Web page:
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Cox then flew to Los Angeles, and quickly dashed off a screenplay with Dick Rude, a director, actor and writer who would make appearances and contributions to many of Cox’s films, and would also star in Straight to Hell.

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Alex Cox (second from right) with some of his actors on the set of Straight to Hell

The pair began working at the Kensington Hotel in Santa Monica, completing the script for what was provisionally titled The Legend of Paddy Garcia in just three days.

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They drank coffee they heated up in their hotel room themselves (“bad coffee,””brewed on the electric ring”), and were initially inspired by repeating videotape viewings of Giulio Questi’s 1967 spaghetti western Django Kill… If You Live, Shoot! (Se Sei Vivo, Spara).

That film, which they used as a model for theirs, had what Cox writes was “a visual strategy quite unlike any other Spaghetti Western: moving camera, focus pulls, and blue-and-yellow light for night exteriors.”

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The film’s plot follows a romantic but deadly killer, Simms (Strummer), who, after pulling a bank heist, is now on the run in the desert with Velma (Kurt Cobain’s then wife-to-be Courtney Love), playing the pregnant white trash wife in a short pink dress.

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Zander Schloss (formerly bassist with the L.A. punk band, Circle Jerks, who plays Karl the Weiner Boy), Eddie Tudor-Pole (of Tenpole Tudor), and Jim Jarmusch also make appearances in the film.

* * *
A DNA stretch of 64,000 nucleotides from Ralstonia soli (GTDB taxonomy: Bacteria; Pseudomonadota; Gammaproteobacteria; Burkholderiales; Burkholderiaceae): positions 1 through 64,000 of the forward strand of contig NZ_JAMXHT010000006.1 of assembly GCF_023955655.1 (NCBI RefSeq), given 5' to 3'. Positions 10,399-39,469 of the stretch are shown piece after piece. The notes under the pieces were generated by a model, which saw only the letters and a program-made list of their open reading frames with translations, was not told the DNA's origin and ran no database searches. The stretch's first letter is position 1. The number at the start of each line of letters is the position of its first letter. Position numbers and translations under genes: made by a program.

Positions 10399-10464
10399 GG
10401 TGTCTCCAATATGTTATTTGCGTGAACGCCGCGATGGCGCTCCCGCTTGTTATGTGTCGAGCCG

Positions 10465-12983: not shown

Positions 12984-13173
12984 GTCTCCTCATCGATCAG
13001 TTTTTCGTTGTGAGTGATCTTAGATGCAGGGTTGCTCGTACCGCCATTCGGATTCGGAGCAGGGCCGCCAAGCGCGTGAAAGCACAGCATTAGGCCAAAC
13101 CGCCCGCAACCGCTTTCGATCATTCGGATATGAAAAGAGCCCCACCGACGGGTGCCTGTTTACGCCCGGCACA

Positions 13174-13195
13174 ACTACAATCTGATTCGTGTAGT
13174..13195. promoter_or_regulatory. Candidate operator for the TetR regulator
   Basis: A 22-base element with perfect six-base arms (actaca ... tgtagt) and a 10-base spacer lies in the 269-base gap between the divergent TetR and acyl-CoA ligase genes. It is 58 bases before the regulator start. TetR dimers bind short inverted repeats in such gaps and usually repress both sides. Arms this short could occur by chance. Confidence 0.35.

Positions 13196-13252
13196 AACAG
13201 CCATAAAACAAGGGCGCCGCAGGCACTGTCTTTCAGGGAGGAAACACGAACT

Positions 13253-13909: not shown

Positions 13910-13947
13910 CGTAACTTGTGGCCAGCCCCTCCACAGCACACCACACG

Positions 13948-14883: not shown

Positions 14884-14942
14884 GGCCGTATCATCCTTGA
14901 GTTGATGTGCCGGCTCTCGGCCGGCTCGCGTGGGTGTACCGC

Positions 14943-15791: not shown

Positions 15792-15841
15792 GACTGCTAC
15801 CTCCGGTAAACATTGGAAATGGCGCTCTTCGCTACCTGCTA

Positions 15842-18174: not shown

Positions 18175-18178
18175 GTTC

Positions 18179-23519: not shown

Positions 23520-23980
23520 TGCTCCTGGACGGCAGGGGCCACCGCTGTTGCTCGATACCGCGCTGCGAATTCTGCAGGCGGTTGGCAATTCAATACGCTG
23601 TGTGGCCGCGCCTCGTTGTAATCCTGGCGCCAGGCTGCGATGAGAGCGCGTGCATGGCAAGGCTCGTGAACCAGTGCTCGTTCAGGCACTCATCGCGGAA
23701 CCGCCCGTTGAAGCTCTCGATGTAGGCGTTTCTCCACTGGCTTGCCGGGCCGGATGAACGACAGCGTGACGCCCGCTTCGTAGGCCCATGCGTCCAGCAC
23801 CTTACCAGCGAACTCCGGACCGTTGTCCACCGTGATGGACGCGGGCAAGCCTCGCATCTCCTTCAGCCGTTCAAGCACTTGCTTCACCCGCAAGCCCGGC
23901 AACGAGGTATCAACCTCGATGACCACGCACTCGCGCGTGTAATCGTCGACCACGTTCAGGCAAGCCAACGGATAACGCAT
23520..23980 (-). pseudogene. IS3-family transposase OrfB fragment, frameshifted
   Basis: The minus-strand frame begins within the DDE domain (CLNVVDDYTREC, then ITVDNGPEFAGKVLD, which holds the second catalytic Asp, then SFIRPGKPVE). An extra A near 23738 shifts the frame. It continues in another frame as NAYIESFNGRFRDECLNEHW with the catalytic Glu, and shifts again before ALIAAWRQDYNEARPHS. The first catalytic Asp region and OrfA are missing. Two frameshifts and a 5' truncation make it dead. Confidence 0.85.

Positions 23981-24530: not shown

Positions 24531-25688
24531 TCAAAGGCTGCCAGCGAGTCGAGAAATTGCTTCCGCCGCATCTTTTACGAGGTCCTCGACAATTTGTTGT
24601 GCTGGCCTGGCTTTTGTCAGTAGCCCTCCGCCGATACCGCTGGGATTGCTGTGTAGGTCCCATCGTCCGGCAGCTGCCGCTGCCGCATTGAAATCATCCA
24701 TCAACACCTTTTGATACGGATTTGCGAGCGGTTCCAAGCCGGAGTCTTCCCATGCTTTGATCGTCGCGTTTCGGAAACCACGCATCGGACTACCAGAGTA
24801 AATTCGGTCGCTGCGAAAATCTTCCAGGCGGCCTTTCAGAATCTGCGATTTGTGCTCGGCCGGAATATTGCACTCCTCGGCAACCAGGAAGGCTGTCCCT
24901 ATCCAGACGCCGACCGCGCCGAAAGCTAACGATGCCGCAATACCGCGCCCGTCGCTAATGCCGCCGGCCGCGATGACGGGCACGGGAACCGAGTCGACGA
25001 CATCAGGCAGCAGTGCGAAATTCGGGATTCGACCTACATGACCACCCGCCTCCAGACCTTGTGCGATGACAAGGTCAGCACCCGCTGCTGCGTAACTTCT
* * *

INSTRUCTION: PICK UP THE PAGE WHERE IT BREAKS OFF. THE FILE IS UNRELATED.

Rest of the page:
They were also inspired to include some sexual tension into the film based on the fact that they were able to see one of their neighbors at the hotel sun-bathing each day (“She was dark-skinned and voluptuous, with a very small bikini” Cox says).

Cox would later describe the storyline as taking place in a desert two with 750 guys and only five women, joking that “no one ever gets laid.”

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They knew at the time that Strummer was to be the film’s hero, but he was, as Cox tells us in his book, “an untried actor whose enormous stage charisma might not translate onto film.”

The script also included scenes for the Pogues, as the caffeine-addicted McMahon gang, the bad guys, in their long coats and black hats of varying enormity.

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Cox was also asked to include cameo scenes for Dennis Hopper and Grace Jones (as box office bait), and those for a band featuring three sexy girls with dreadlocks.

Production on the film — budgeted at around £900,000, or $1 million U.S. — began on August 4, 1986, with scenes filmed inside and outside the Gran Hotel, the only modern hotel in Almería, built after the German navy shelled some of the last towns to surrender to the fascists in the Spanish Civil War.

It’s also where all of the movie crews, actors and directors who came to Almería to work on films always stayed.

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The three-week shoot was scheduled to wrap on August 22nd, the only day that Dennis Hopper and Grace Jones were set to work, but Cox was able to talk them into staying a bit longer, until August 31st.

Courtney Love would later tell a writer for NME that she thought Grace Jones “was psychotic with her stardom,” showing up for her bit part and acting like a diva.

“Her makeup artists worked with a pair of binoculars and took eight hours to do her face. It was scummy stage make-up, tacky as hell.”

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During the post-production editing process — when Cox was actually in Nicaragua and Mexico, involved in the pre-production for his next film, Walker, the true story of American mercenary and first president of Nicaragua, William Walker — Joe Strummer sent Cox a long letter, written Kerouac-style, on one continuous piece of paper, in which he detailed his doubts about the pre-release edit of the film he’d and whether or not it was going to be successful.